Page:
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Fabulous wine pairings with Christmas lunch

tuckey and wine

Question from Michael: We’re hosting Christmas lunch this year. Help! What wine should I serve?

In a nut shell: Let’s go with the simple order of light nibbles followed by seafood entrée, meat main and pudding for dessert. Nibbles will pair perfectly with Sparkling or Champagne. For a seafood entrée slick with a light white like Sauvignon Blanc, Riesling, Pinot Gris or Pinot Grigio. For main pair with a light red like Pinot Noir, Grenache or Beajolais and for the pudding sip on a Muscat, Port or Pedro Ximenez. That’s pretty general – read on as I get a little more specific depending on how rich the food is.

In a clam shell: Yummmmm food and wine! The perfect combination can have you salivating for more but if you get it wrong it can make the wine taste flavorless and bland. Because I have no idea what you’re planning on eating for Christmas lunch (but I can have a good guess) I’ve gone with wines that are versatile, adaptable and easy to find in Australia.


Christmas Day should always start with bubbles! Sparkling wine or Champagne pairs beautifully with oysters and goes very nicely with fish, cured meats and simple pork and poultry. It also goes well with most vegetables so it’s the perfect fail safe sip with assorted nibbles.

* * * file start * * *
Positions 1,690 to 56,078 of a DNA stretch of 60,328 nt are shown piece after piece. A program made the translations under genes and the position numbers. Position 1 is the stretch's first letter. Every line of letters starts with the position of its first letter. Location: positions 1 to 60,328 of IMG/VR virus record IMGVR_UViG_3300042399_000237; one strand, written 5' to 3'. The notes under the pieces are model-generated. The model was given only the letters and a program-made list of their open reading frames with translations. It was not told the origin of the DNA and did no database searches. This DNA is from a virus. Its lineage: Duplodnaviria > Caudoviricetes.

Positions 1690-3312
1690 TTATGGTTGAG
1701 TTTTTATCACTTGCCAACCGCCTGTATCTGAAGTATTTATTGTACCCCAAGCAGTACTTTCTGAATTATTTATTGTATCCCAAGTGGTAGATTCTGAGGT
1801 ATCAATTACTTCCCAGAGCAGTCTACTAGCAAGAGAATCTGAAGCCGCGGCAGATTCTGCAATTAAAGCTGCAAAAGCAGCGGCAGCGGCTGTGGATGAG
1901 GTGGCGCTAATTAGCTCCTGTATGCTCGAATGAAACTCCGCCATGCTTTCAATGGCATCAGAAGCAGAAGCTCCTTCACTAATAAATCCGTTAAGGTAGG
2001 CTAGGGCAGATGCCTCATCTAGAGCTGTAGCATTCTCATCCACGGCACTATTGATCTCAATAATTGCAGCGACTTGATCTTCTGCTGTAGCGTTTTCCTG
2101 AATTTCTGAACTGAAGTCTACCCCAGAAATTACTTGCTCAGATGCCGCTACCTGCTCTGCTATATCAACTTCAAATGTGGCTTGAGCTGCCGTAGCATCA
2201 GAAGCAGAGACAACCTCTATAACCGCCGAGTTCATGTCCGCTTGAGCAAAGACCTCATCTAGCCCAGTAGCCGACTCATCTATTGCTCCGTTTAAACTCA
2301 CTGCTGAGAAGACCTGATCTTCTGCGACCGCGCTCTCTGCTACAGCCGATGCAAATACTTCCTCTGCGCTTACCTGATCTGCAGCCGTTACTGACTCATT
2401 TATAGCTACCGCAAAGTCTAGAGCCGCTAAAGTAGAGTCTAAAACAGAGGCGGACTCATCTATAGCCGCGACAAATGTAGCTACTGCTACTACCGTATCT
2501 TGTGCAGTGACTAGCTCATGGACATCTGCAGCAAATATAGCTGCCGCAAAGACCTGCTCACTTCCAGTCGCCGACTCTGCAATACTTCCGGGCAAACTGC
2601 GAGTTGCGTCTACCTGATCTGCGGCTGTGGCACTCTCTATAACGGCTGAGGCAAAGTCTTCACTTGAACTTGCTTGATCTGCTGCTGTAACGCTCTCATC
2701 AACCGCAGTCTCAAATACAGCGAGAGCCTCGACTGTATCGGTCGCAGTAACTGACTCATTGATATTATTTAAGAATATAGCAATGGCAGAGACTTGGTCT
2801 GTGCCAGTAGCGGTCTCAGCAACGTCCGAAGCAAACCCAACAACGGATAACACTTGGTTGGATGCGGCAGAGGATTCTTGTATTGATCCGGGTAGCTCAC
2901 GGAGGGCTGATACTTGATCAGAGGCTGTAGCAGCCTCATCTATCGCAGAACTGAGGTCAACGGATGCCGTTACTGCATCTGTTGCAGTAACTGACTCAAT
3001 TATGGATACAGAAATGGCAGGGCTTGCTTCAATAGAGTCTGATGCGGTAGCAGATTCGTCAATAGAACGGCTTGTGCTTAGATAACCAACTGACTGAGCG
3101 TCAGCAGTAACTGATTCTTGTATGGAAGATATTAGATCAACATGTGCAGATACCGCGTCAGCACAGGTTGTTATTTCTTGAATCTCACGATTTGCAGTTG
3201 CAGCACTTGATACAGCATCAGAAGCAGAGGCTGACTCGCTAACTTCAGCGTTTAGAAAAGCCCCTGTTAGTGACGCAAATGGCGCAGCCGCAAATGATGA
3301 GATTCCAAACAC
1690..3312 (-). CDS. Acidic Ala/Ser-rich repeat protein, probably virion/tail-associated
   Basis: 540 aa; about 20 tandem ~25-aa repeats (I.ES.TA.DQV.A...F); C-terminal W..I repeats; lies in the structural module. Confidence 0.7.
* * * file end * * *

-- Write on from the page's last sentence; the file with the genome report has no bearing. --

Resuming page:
If entrée is a plain seafood dish stick to a non-wooded light white like Sauvignon Blanc, Albariño (if you want to impress your guests it’s a Spanish variety), Riesling, Pinot Gris or Pinot Grigio. If it’s a complex seafood dish (especially if you’re going with a creamy sauce) pair with a rich white like an oaked Chardonnay, Sémillon or Viognier.


Chances are it’s going to be hot so I’m no going to recommend a heavy South Australian Shiraz because that’s just silly – it’s the last thing you’ll feel like when it’s 30 degrees (besides it’s not the best pairing with poultry anyway).

If main is turkey, chicken and/or duck (full of stuffing cause that’s what we do on Christmas Day) go with a light red like Pinot Noir, Grenache or Beajolais. You could also drink a rich white here if red isn’t your thing.

Baked, smoked or honeyed hams call for wines with a dash of sweetness so sip a Riesling or Gewürztraminer. If you want to stick with the reds same as above, something light.

If you must drink a bold red with main then make sure you eat a beef or lamb roast and drink Australian Shiraz or Syrah, Cabernet Sauvignon or Malbec.


If you’ve saved room for pudding go with a Port or Muscat or best of all Pedro Ximénez which tastes like Christmas pudding in itself.

Now nap!


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